A biopic is a slippery slope: it’s not about cherrypicking only the pretty or the ugly parts. It’s about cherrypicking the most wholesome attributes that make for an honest character study.
Neeraj Pandey goes ambitious with this one. The biopic starts out strong but teeters to reveal itself as part-hagiography in the second half. Producer credit’s MS Dhoni’s after all.
It’s important to prod the questions a biopic explores in a character study. Who is Dhoni as a man under pressure? Who is he as a son? Who is he as a lover? The movie nails the lover, the man under pressure (but not too much) and makes him the spotless hero, but it’s in ignoring the tough questions that it misses the ball.
At the start, it’s a rags to riches story with nuance. For a small town boy from Ranchi, it’s clear the bumps on the road are going to be hard for Dhoni despite being projected as a natural at the game. The film makes very good points about life and sporting at large: how chance plays a big part in his rusty beginnings and the politics at its heart.
The middle-class family, led by Anupam Kher as Paan Singh Dhoni, barely makes ends meet, but the film acknowledges them and his friends as a major support system.
There’s a moment of frustration when his friends note that while Yuvaraj Singh and Dinesh Karthik make it big, Dhoni who’s in the same league as them, is still earning his bread as a ticket examiner in the Railways.
But, and if it’s true to who Dhoni really is, how he processes the anguish and anger is one of the most fascinating moments in the film.
However, when the road smoothens out for Dhoni, the character, a lot of loose ends spill out in the second half. We’re transported to clichéd Bollywood love and cheery shouts of “Dhoni, Dhoni”. The second romance with his wife Sakshi is quite a drag, with a song hastily fit in. We see him as the heartthrob, the teetotaller and the media-shy cricketer with endorsement shoots intermittently placed.
The film features important matches in Dhoni’s career from 1998 to the 2011 World Cup – the milestone ones getting more focus, and the losses receiving the touch-and-go treatment.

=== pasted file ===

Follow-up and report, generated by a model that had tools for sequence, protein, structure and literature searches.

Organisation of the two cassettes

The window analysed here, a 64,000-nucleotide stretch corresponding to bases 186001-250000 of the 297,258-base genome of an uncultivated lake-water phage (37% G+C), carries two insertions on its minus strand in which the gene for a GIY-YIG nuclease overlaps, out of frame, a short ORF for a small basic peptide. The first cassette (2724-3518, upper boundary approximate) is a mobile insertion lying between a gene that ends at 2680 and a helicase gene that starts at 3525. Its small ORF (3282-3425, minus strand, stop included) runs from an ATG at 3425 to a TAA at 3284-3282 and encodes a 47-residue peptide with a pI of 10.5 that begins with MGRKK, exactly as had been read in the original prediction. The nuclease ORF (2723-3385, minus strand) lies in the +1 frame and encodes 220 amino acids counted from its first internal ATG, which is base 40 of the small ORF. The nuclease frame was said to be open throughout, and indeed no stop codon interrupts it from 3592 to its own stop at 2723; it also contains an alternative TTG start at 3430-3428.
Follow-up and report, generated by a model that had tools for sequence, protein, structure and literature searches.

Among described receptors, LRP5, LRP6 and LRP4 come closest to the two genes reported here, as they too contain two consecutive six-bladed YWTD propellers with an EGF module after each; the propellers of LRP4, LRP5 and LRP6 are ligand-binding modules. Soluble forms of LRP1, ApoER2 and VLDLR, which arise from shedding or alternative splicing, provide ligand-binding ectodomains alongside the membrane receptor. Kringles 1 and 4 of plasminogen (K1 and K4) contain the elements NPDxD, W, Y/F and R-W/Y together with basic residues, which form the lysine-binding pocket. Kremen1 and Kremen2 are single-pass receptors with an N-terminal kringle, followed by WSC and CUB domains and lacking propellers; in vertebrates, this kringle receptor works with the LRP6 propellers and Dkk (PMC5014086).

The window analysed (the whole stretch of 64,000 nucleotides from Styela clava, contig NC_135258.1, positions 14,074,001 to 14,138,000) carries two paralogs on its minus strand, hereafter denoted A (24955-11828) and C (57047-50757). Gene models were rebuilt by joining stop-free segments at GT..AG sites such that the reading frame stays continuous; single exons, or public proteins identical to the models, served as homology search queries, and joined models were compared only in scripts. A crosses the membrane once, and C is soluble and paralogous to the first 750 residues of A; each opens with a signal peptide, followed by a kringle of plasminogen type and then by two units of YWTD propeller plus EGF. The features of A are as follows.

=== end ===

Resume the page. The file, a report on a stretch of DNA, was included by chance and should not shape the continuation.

There’s a glimpse of politics with the BCCI in 2008 when he asks three fielders to be replaced by younger players – which works in his favour. But that’s it. There’s no question that in real life, the game is rife with it, but it’s a pretty biopic, and any sign of grittiness or politics appears to have been swept under the carpet.
In the 1999 Cooch Behar trophy, he locks eyes with Yuvraj Singh from the opposing team. There’s palpable tension – but it halts to an abrupt end. There’s nothing about his relationships with the other players. Who was Dhoni the team member? Who was he as a strategist? These key questions remain unanswered.
It’s the toughest role yet for Sushant Singh Rajput in his nascent career, and he rises to the occasion. The actor nails the calm, stubborn and vulnerable Dhoni. He’s reportedly spent over 300 takes getting his fielding right, and it pays off splendidly. Rajput’s quite a treat to watch.
Bhumika Chawla as Dhoni’s sister, Kiara Advani as his wife Sakshi, and Disha Patani as his ex-girlfriend Priyanka, play their parts well, though there’s not much substance to their roles. The narrative is clean and flows seamlessly although it leaves much to be desired.
Editing and graphics are top notch – sifting through years of footage and Photoshopping Sushant’s face on Dhoni’s is no easy feat. The music is mostly forgettable, but "Besabriya" lends itself to the movie well.
Save Sushant's brilliant performance in a role of a lifetime, great characterisation up to a point, and a clean narrative structure – “MS Dhoni: The Untold Story” is all sparkle and little grit.